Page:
Pay Attention To These Google Analytics Metrics To Boost Your ROI


Think of analytics as your new best friends because that’s exactly what they are. From your business’ social media channels to your website landing pages, hundreds and thousands of data points are being collected every single day — all of which can be used to improve your marketing strategies and business as a whole.

These data points enable you to maximize conversions while bringing down cost. As long as you take these data points and apply them correctly and accordingly, they can yield huge benefits to your bottom line.

But those new to the game might wonder how you get access to this data and what you do with it afterward. We’ve got the scoop on using Google Analytics metrics to boost your return on investment (ROI).

Cost Analysis

Every metric under the “acquisition” category within Google Analytics is excellent data to track, but pay particular attention to your cost analysis. This metric allows you to determine the cost per click, as well as return on advertising spend (ROAS), for various types of marketing campaigns, such as social media ads, affiliate campaigns, email campaigns, Bing ads, display ads, etc.

In order for this metric to work, you do need to import cost data into Google Analytics. Once you’ve done that, the data is put together into a report, which you can filter to find specific data relating to specific marketing campaigns or attribution models.

Making adjustments to campaigns with this data is vital. In order to analyze these points, you need to make sure that enough impressions and clicks have been recorded; otherwise, your data will not be rich enough to make an educated decision.

Cost Per Acquisition

Despite the title of “acquisition,” this Google Analytics metric can be found under the “conversations” tab. It allows you to determine how much it costs to get a specific action. The unique thing with this metric is that you’re able to determine the cost per acquisition (CPA) for different attributions, such as non-direct clicks, data-driven clicks, AdWords clicks and even custom attribution models of your choice.

One thing to be wary of is that change in CPA can come from external or internal sources. An example of an external CPA influencer would be if three businesses similar to yours opened and started advertising. This would drive up competition for ad space, which, in turn, would increase your CPA, as you would be spending more for every click.

User Flow

Determining the path that your customers take to make a purchase may not seem like a vital metric for your ROI, but don’t be mistaken. The user flow can help you understand what is driving sales, and, more importantly, when compared to less successful routes, you can see what’s driving potential sales away.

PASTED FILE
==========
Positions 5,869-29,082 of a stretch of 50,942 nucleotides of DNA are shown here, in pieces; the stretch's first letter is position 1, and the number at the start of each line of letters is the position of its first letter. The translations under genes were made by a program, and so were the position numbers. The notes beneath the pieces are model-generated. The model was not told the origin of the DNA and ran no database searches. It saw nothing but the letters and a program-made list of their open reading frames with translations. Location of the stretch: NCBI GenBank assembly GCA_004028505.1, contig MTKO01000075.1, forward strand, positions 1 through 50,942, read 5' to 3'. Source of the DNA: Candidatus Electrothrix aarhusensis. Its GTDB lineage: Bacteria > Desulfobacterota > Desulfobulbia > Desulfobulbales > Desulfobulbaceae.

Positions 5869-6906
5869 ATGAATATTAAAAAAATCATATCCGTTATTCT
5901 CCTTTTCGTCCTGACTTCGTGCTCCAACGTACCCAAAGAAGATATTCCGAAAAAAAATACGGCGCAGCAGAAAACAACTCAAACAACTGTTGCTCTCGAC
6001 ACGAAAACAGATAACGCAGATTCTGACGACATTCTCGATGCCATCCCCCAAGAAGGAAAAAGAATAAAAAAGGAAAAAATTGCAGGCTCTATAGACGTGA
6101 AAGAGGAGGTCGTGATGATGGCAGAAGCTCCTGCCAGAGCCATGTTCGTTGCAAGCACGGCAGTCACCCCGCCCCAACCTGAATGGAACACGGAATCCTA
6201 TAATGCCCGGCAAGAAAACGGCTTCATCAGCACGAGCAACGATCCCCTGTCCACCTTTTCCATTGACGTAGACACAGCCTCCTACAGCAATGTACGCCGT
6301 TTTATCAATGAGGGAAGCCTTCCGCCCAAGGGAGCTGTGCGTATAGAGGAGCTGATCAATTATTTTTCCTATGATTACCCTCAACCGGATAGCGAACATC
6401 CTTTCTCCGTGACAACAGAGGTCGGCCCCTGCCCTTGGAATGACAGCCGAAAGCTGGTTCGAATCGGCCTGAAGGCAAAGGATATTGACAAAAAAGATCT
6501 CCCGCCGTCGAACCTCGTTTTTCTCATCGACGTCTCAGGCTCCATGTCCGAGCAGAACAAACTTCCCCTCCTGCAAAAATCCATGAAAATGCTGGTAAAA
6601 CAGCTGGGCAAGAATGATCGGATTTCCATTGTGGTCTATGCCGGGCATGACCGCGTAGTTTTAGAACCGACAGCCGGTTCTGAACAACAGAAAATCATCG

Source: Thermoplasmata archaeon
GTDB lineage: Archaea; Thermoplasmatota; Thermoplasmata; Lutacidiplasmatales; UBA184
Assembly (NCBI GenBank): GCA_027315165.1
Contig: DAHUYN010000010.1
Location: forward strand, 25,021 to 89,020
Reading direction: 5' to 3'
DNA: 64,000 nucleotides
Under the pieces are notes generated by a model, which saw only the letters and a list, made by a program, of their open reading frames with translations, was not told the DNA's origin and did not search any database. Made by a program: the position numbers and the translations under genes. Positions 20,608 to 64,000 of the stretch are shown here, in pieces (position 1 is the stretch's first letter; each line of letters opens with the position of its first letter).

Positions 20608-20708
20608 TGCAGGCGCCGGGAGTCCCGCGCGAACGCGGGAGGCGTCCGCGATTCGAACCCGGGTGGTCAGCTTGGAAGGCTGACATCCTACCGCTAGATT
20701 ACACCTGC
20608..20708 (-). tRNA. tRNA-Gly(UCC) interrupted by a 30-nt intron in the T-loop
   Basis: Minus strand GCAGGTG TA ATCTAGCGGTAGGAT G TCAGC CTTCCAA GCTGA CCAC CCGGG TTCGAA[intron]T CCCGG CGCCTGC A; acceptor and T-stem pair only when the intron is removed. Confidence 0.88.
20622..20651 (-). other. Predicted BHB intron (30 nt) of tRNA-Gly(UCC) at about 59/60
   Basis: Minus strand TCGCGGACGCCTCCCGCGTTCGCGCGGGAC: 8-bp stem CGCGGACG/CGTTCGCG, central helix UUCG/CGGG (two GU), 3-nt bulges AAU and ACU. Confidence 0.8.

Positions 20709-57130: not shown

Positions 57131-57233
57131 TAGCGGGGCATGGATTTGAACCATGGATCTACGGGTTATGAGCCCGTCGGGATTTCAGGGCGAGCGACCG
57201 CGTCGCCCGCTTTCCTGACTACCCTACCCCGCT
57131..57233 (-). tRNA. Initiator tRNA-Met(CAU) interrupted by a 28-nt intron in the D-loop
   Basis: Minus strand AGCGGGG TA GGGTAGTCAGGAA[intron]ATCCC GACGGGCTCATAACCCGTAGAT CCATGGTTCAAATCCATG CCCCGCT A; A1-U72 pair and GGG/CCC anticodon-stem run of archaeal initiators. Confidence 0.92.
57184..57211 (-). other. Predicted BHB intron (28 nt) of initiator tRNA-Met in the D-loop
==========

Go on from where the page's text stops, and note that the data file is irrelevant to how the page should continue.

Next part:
Using this data allows you to prioritize products or services that perform well across select channels and reduce wasteful advertising spend while increasing ROI.


The affinity metric in Google Analytics will help you understand your customers better, so you can then tailor your marketing campaigns to suit their needs. By analyzing the data in this section, you can determine what your customers like and dislike, what their browsing and buying behaviors are, and much more. As a result, you can create better ads that are more likely to appeal to your target audience.

Affinity is broken down into several categories to further help you identify where the disconnect is between your ad and the end consumer. The more refined the ad is and the higher the affinity, the greater the chance of that user converting.


Similar to affinity, the behaviors section in Google Analytics is full of valuable information that can tell you exactly who your customers are. By learning your customers’ behaviors, demographics, lifestyles, spending habits, appeal to deals, etc., you can customize all of your marketing campaigns to precisely match the interests of past and potential customers.

One important metric for us is age. Age can be a major factor, as it can dictate the preferred times to display your add. If, for example, your product is primarily purchased by youth ages 12 to 16, we would optimize ads to be delivered after school hours and on placements most likely to reach a younger audience (e.g., YouTube versus the BBC).

Traffic Source

Your traffic source may seem like a trivial metric in comparison to all of the options available within Google Analytics, but it can be the key to optimal engagement with your target audience. By understanding where your customers are coming from, you can tailor your efforts to the specific sources that are more likely to provide results.

In other words, if 95% of your traffic is coming from Facebook and only 5% from search engine results, you may want to dedicate more time to Facebook, since this is a highly beneficial traffic source. You may also want to adjust your content marketing strategy in an effort to increase your SEO ranking and raise that 5%.

At first, Google Analytics can seem like a complicated tool, especially if you’re looking at all the metrics at once. However, by dedicating your attention to these top metrics for ROI, you can make data-driven decisions that cater to your specific goals.

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